Mr. Wicks: I understand that important point. As I have noted in relation to amendment No. 218, collecting clearly irrelevant information is beyond the powers of the inspectorates. The amendment is to clause 61 and, therefore, about Ofsted, which is a statutory body. It cannot exercise functions not given it in statute. It has no right to collect or to publish material not relevant to an inspection.

The other part of the proposal related to the prompt return of material. There is no need to worry: there is a clear right under clause 61(2)(c) for Ofsted to take copies of records and, in many cases, it will not need to remove anything. If it borrows material, it should of course act reasonably and return things promptly. Failure to do so would constitute grounds for complaint by the provider. I should emphasise that there will be a published complaints procedure. A principle in the draft common inspection framework is that, following the inspection, every provider should have recourse to such a procedure if dissatisfied with any aspect of the inspection. That is important.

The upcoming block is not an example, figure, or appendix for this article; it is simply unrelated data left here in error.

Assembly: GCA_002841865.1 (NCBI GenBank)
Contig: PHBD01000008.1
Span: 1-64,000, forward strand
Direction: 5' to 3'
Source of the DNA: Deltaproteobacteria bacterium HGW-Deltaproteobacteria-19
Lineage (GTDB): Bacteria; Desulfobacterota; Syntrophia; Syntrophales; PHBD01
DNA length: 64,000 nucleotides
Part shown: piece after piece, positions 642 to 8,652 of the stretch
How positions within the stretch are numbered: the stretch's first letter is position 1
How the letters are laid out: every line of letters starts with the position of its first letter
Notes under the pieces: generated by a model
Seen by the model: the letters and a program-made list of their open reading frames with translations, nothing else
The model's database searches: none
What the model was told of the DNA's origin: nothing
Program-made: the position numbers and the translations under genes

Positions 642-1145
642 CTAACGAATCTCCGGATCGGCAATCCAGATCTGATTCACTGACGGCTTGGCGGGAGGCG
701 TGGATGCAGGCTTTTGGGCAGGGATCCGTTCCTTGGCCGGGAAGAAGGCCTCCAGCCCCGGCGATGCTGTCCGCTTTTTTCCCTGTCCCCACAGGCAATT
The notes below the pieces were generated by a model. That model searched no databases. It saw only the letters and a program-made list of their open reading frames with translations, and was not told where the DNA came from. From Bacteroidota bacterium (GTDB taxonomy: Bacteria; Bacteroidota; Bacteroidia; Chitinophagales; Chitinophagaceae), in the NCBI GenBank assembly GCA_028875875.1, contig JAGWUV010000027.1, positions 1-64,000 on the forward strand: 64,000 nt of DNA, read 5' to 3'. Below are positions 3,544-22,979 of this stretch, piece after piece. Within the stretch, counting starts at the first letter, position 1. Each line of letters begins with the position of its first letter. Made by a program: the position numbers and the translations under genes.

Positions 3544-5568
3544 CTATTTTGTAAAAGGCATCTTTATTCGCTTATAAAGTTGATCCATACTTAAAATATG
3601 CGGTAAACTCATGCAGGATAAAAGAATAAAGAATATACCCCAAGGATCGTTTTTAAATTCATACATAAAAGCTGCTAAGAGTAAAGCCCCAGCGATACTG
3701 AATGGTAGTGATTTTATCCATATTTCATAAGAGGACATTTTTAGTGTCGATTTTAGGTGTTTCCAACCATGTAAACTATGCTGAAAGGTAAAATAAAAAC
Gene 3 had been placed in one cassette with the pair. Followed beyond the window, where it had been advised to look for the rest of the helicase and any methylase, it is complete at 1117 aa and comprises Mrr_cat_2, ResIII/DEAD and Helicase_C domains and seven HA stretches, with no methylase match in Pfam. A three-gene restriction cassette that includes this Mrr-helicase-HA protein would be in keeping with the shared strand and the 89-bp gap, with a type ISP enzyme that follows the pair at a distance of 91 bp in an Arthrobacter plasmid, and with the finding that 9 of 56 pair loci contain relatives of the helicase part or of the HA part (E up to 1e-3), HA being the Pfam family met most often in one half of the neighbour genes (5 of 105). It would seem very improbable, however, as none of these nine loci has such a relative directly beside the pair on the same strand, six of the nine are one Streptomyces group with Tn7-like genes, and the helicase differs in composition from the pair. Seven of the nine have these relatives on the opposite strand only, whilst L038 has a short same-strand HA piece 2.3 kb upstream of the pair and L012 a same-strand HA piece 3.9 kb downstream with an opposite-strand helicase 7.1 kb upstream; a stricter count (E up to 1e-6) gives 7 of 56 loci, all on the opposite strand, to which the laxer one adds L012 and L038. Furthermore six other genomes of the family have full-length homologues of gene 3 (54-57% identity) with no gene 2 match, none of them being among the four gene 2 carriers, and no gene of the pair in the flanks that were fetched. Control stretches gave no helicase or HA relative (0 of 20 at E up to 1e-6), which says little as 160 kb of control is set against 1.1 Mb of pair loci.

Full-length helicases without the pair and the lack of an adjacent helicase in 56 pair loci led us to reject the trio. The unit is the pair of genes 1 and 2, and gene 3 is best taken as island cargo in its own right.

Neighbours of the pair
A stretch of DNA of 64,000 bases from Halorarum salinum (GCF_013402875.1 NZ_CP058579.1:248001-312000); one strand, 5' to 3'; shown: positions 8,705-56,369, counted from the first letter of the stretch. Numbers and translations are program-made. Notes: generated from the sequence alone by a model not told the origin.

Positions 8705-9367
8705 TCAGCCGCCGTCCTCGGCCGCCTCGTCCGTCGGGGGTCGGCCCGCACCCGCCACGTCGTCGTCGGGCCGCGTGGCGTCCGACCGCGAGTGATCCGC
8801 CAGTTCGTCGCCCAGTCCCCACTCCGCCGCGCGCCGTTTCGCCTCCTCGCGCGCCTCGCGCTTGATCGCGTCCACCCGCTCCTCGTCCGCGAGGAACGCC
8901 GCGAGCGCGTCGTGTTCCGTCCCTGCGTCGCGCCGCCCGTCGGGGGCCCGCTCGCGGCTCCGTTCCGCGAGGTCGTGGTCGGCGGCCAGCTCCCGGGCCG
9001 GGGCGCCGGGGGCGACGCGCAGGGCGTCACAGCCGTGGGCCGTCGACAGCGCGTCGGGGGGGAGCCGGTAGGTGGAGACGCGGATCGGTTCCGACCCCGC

It might be helpful to add that the adult learning inspectorate will be bound by the provisions of the Human Rights Act 1998 and, in particular, the convention on private and family life. The Act will be of help in terms of the dangers of fishing expeditions. We do not expect there to be such expenditions, but it is always right to point to extreme examples when testing law.

Following my earlier point, which the hon. Gentleman has welcomed, we should bear in mind our discussion and the will of the Committee when we bring issues to the attention of the new inspectorates. Again, our discussion on the amendments has been helpful, and we will certainly bring Hansard to attention of the leaning inspectorate with proper covering guidance. I am convinced that, when the inspectorates take on their new functions, they will take seriously the guidance offered to inspectors.

I thank the hon. Gentleman for the way in which he has moved the amendments. I hope that, given those points, he might consider withdrawing.